The other day a friend and I celebrated her birthday by feasting on crème brulee and chocolate mousse at a famous restaurant. As we neared the last bite of our sweets, my friend informed me she had decided to fast for forty days.
I was appalled. Forty days with no food? That’s going to be difficult, grueling, maybe even impossible. No nutrition for more than a month? That’s dangerous: doom, gloom, sackcloth and ashes, starving, suffering—yikes!
I know, I know, holy men have fasted and achieved astounding results. But right now Dale and I would like to celebrate food and marvel with you at what a blessing it is.
Easter will be here before you know it, so we’re launching our blog with:
Scintillating Ideas for Easter Dinner
When you see fresh strawberries, leg of lamb and asparagus at affordable prices in the grocery store, you know spring has arrived. But here in Colorado Springs the weather is somewhat confused.
Nevertheless, I planned my Easter Sunday dinner with all fresh signs of spring. I even had red and yellow tulips on the table! Would you believe? It snowed that day. Oh well, the food was great anyway. [Dale]
In many parts of the world lamb is a traditional dish for Easter Sunday. You might want to serve lamb to remind yourself that Christ died for the sake of the whole world
Try this original recipe to spruce up your Roast Lamb:
|1 tablespoon Minced Shallots||1 rib of cooked Celery|
|Meat Juices||1 cooked Carrot|
|1 cup Red Wine||½ cooked Onion|
|1 Bay Leaf||4 cloves Garlic|
|1 cup Water||3 teaspoons Bouillon granules|
|¼ teaspoon Dried Thyme|
Expanding our understanding
Since Sauce Bordelaise was invented way back who knows when by who knows whom, there is more than one “right” way to do it. The basic elements are: 1. wine, 2. meat stock, 3. herbs, spices or vegetables for seasoning.
4. Then you need a thickening agent. That leaves a great deal of room for invention and creativity. Let’s explore each of the elements so you can create your own signature sauce but not be locked into always doing it the same way.
Consider the wine. Generally you use a red wine with red meat and white wine with white meat. What kind of red or white wine? What do you have on hand? What do you like to drink (if you do)? A good red Bordeaux would be excellent. RuthAnn keeps a bottle of burgundy in her cupboard. So she sometimes uses that.
Think about the stock. Homemade stock would be ideal, but few of us have the time or the scraps and meat bones to make a good stock. So we usually buy it. You can use canned broth, base which comes in a paste form, or bouillon granules or cubes.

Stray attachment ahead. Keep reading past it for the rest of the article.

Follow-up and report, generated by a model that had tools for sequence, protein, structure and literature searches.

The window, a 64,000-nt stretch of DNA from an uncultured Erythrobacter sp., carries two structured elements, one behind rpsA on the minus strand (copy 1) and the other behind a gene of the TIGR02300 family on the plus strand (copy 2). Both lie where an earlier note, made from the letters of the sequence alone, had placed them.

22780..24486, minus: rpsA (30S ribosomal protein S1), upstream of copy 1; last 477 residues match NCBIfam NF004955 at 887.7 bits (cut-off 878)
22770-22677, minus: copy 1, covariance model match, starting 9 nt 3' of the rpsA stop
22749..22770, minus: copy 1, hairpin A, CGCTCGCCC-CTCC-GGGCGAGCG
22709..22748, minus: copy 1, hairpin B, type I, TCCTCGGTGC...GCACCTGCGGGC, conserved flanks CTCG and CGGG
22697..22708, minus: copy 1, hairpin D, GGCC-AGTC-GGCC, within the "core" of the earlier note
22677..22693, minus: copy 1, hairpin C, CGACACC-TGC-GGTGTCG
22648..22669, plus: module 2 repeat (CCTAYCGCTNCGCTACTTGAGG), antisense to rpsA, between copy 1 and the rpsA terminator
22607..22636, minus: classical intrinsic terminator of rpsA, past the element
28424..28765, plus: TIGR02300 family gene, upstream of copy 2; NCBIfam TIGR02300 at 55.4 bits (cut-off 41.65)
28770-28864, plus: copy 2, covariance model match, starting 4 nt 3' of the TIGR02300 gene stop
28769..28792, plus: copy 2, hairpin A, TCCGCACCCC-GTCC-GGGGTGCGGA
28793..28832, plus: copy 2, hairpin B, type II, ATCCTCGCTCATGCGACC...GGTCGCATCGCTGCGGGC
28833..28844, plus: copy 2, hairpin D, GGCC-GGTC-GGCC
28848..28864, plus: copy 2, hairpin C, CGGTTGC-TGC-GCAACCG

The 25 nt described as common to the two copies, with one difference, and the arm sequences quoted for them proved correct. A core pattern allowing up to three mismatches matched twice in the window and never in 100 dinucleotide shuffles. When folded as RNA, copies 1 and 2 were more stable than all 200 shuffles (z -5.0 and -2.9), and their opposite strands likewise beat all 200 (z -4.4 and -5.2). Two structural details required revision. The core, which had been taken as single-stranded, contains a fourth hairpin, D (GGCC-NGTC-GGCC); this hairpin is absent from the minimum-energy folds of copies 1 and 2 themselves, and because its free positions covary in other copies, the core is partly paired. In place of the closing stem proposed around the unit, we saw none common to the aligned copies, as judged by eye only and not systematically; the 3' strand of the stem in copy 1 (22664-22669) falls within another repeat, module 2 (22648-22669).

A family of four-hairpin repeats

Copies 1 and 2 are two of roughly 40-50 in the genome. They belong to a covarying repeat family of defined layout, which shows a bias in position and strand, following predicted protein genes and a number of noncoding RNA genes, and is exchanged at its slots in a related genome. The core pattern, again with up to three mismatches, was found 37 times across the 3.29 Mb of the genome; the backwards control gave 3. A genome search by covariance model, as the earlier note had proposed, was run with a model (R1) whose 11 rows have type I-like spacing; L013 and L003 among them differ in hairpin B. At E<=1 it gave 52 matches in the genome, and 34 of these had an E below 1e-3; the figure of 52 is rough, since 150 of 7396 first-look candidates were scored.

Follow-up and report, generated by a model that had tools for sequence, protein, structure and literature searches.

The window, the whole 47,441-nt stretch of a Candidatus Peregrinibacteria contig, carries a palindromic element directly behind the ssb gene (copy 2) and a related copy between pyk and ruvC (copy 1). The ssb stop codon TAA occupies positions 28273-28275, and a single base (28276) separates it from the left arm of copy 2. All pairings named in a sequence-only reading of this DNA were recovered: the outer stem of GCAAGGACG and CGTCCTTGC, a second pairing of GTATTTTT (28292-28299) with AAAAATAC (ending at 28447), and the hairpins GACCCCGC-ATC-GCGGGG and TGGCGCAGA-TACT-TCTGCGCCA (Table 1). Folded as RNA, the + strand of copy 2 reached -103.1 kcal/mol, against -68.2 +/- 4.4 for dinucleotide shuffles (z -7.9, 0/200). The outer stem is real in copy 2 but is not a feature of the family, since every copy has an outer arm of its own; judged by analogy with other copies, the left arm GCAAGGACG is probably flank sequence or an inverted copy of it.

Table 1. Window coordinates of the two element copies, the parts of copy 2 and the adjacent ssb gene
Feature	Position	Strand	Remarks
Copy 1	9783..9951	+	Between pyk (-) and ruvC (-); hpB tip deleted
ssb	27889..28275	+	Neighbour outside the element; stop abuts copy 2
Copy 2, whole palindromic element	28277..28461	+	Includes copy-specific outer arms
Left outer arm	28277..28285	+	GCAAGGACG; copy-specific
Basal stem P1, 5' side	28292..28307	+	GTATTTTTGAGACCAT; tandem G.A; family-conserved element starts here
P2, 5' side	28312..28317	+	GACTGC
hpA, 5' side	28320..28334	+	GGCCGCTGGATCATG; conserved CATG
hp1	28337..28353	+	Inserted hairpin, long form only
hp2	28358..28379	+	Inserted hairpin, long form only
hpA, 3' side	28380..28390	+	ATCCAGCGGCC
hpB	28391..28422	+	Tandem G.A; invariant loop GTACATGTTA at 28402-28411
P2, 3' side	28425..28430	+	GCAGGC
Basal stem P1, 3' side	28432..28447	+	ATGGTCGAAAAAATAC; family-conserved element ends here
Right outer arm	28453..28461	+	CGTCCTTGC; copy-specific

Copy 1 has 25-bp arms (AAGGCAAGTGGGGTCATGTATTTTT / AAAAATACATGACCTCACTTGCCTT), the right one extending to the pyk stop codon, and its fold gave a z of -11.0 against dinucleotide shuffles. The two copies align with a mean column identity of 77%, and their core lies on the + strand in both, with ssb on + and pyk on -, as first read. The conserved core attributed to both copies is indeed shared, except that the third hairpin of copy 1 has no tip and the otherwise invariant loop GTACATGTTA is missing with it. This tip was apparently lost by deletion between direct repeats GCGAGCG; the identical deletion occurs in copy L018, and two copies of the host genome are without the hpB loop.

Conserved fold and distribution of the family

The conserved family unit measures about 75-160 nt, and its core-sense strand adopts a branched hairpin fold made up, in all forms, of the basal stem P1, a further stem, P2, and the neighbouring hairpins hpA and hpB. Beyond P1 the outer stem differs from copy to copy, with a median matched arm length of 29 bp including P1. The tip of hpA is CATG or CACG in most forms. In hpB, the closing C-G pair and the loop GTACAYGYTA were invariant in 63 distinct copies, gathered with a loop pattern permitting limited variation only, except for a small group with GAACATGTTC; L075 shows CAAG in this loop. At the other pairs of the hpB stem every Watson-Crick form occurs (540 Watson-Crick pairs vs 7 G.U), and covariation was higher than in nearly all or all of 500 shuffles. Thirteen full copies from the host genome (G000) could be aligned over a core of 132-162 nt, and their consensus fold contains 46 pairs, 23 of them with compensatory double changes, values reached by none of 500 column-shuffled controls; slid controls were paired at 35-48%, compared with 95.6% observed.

Chicken stock for white meat and beef stock for red is a good beginning.
Remove as much fat from the roasting pan or sauté pan as you wish, then deglaze the pan with wine. Add the stock. Pour the liquid into a skillet, a sauce pan or the roasting pan you use for the meat. Add the seasonings (see below). Then turn the heat to maximum and boil until the sauce is reduced by one half.
The seasoning could be garlic, bay leaf, thyme, lemon, tomato paste, salt, pepper or shallots. I like to place a mirepoix (celery, carrot and onion) in my roasting pan to give the sauce a rich flavor. If you choose to use garlic or shallots in your mirepoix, you could cook them the same way. After roasting, mash the vegetables, but don’t puree.
Because this is a classic sauce, you use the classic thickener—flour. There are two ways to do this. The most often used is a roux. A roux is flour cooked in an equal amount of fat. In French or Italian cooking, butter is the fat of choice. Other styles of cooking use oils. If you’re making the bordelaise for red meat, brown the roux. If it is for white meat, cook the roux for only one or two minutes and stop while it is still blond.
Another classic means of thickening a small amount of sauce with flour is Beurre Manie (kneaded butter). With your hands, mix one stick of butter (softened but not melted) and 1/3 cup of flour together. When you finish, it should be the consistency of play dough. While the sauce is boiling, pinch a bit of the beurre manie off and whisk it into the liquid. Let it cook for a minute. Keep adding the beurre manie, one pinch at a time, until the sauce is as thick as you want it to be. A bordelaise is not a heavy sauce or a gravy. You only want it to be thick enough to coat the back of a spoon.
Taste the sauce and adjust the seasoning. Strain it right before using. This sauce works well not only with lamb, but beef, pork or duck.
Place the remainder of beurre manie in a jar and save it in your refrigerator for the next time you need to thicken a sauce.
Tip: The salad on our home page will make a perfect first course for this Easter entree.
The bodily resurrection of Jesus Christ at the beginning of the 1st century brought the kind of joy that requires a multitude of bells, a carillon ringing through the countryside, heralding hope. It was a hope so real that most of Jesus’ apostles sacrificed their lives for it.
The Son of God became a man. He taught, healed, was rejected, murdered and finally, raised from the dead for one purpose: to bring us into the Trinity’s joyous circle of love. In his excellent book The Reason for God, Tim Keller says, “The inner life of the Triune God. . .is characterized by mutual self-giving. Each of the divine persons centers on the others. None demands the others revolve around Him. . .Each. . .loves, adores, defers and rejoices in the others. That creates a dynamic pulsating dance of joy and love.”
And that’s the kind of joy God has for us. Aren’t you glad? [RuthAnn]